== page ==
By a 3-1 margin, voters defeated Anderson’s referendum to abolish townships in the November 1994 election.

Although state law allows townships to be consolidated, that’s much easier said than done in political reality.

McHenry County proved that two years ago.

A group of officials, supported by high-ranking GOP officials, launched a 2015 initiative to ask the McHenry County Board to hold referendums to reduce the county’s 17 townships to eight. A slapdash plan assembled by a task force that barely reached any kind of consensus was killed by the County Board on a 13-9 vote.

State law proved to be the biggest deal killer – if two townships vote to consolidate, property taxes would increase for the township with the lower of the two levies, meaning taxpayers with the larger levy would get relief at the expense of the other.

In recent years, legislators started passing laws to make consolidation easier.

Lawmakers allowed voters in Evanston Township, which shares its exact boundaries with the city, to hold a referendum to eliminate it, which they did in 2014. It was only the third time in state history, and the first time in 82 years, that voters eliminated a township.

State legislators who represent McHenry County like the idea of consolidation but are reluctant to jump on McSweeney’s bandwagon.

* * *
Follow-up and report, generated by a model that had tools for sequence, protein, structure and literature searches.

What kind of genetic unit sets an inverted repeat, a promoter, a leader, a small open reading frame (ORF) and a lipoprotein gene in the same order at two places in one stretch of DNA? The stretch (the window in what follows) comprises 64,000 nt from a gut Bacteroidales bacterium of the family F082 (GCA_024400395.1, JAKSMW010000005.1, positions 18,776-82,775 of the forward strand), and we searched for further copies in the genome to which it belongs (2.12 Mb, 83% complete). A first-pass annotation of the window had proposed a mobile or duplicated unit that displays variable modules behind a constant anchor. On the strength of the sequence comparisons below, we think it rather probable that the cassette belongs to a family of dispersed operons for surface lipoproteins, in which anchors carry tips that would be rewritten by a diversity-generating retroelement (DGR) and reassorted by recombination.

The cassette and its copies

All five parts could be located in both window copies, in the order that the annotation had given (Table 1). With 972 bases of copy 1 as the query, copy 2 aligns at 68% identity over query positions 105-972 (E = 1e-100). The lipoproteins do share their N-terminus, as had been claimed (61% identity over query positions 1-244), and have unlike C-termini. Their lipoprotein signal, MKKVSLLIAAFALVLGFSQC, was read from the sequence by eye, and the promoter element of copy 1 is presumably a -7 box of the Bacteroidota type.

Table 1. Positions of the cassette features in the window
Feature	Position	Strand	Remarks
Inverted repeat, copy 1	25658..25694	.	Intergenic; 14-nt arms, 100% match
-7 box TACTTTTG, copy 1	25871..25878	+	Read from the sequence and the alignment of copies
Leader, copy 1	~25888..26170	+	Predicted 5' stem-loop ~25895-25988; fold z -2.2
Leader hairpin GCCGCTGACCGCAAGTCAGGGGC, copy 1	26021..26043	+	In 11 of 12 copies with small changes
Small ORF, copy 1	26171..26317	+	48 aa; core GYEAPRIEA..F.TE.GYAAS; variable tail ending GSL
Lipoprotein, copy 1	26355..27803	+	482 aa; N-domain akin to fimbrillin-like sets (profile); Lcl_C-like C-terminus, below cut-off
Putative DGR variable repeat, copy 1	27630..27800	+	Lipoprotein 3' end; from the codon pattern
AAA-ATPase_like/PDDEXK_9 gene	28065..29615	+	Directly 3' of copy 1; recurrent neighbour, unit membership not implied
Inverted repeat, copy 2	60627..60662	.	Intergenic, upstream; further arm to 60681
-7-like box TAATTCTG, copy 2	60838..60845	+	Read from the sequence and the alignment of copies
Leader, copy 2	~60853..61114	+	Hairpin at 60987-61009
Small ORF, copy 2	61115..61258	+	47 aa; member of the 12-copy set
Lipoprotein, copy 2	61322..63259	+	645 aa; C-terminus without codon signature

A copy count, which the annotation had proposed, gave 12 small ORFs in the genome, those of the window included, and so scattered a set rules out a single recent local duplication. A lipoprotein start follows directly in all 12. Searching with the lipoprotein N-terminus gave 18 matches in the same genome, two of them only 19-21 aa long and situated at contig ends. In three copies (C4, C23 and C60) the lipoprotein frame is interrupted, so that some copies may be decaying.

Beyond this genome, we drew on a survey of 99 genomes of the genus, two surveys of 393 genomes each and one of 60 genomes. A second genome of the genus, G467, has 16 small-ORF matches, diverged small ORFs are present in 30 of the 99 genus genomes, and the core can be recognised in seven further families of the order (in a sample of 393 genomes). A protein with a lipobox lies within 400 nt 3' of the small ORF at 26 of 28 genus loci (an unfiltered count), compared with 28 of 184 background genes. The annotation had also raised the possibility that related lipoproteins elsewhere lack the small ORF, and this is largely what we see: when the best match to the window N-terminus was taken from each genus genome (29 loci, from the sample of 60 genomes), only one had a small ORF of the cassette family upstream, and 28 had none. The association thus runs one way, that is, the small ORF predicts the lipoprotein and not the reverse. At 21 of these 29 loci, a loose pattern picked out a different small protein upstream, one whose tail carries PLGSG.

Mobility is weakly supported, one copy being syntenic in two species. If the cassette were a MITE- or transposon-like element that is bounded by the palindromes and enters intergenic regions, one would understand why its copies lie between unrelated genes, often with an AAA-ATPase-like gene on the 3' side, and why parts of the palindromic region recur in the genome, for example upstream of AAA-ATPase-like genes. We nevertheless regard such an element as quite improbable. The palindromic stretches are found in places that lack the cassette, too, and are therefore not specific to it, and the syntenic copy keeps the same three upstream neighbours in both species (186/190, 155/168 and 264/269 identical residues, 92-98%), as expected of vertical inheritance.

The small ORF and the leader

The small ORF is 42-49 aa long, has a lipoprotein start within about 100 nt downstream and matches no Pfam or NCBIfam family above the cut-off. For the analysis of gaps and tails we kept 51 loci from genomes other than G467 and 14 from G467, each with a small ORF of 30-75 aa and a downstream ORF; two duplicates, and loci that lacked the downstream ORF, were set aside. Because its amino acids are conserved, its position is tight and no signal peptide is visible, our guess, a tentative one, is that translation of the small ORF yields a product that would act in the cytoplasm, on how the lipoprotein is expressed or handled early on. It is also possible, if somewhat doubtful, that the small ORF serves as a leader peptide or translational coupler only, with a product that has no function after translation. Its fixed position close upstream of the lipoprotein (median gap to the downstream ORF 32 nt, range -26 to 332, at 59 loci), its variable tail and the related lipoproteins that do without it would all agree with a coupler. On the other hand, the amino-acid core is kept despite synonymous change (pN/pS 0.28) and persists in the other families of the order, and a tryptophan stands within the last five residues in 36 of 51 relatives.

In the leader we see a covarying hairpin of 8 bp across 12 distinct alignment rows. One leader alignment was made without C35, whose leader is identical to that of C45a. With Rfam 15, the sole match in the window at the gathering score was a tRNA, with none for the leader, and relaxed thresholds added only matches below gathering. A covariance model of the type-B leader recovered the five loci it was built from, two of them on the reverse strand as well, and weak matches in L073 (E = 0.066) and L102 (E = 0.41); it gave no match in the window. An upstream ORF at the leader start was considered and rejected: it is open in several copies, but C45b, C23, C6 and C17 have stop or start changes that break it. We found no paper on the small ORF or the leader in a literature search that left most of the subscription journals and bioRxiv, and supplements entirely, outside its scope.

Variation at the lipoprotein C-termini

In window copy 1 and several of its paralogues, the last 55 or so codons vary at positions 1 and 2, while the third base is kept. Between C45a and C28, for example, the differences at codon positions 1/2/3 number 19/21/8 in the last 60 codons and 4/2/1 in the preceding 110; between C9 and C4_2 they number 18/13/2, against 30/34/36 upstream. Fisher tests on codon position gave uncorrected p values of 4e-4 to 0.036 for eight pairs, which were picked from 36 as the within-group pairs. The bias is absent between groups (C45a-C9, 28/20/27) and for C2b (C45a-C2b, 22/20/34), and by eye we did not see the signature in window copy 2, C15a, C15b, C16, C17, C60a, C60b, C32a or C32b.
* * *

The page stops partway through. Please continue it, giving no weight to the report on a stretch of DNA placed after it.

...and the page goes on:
State Rep. Steve Reick, R-Woodstock, has been watching the turmoil unfold in Algonquin Township. Although he’s reserving his opinion of the situation until authorities finish their investigation, Reick said his thoughts on abolishing townships come down to dollars and cents.

“I don’t think what is going on at Algonquin Township is indicative of township government as a whole,” Reick said. “Until it can be proven that abolishing townships will save taxpayers money, I would advise going slowly. I’m not against consolidating if it will save money.”

State Sen. Pamela Althoff, R-McHenry, agrees.

“I, too, am horrified at what’s going on at Algonquin Township and the bickering among public officials,” Althoff said. “I would only ask that a study be done about the overall [effect of abolishing townships]. We need more data.”

McSweeney doesn’t see another way to end the turmoil in Algonquin Township.

“It’s embarrassing,” he said. “I don’t think it is fixable.”

There’s one solution, he said: “Eliminate it.”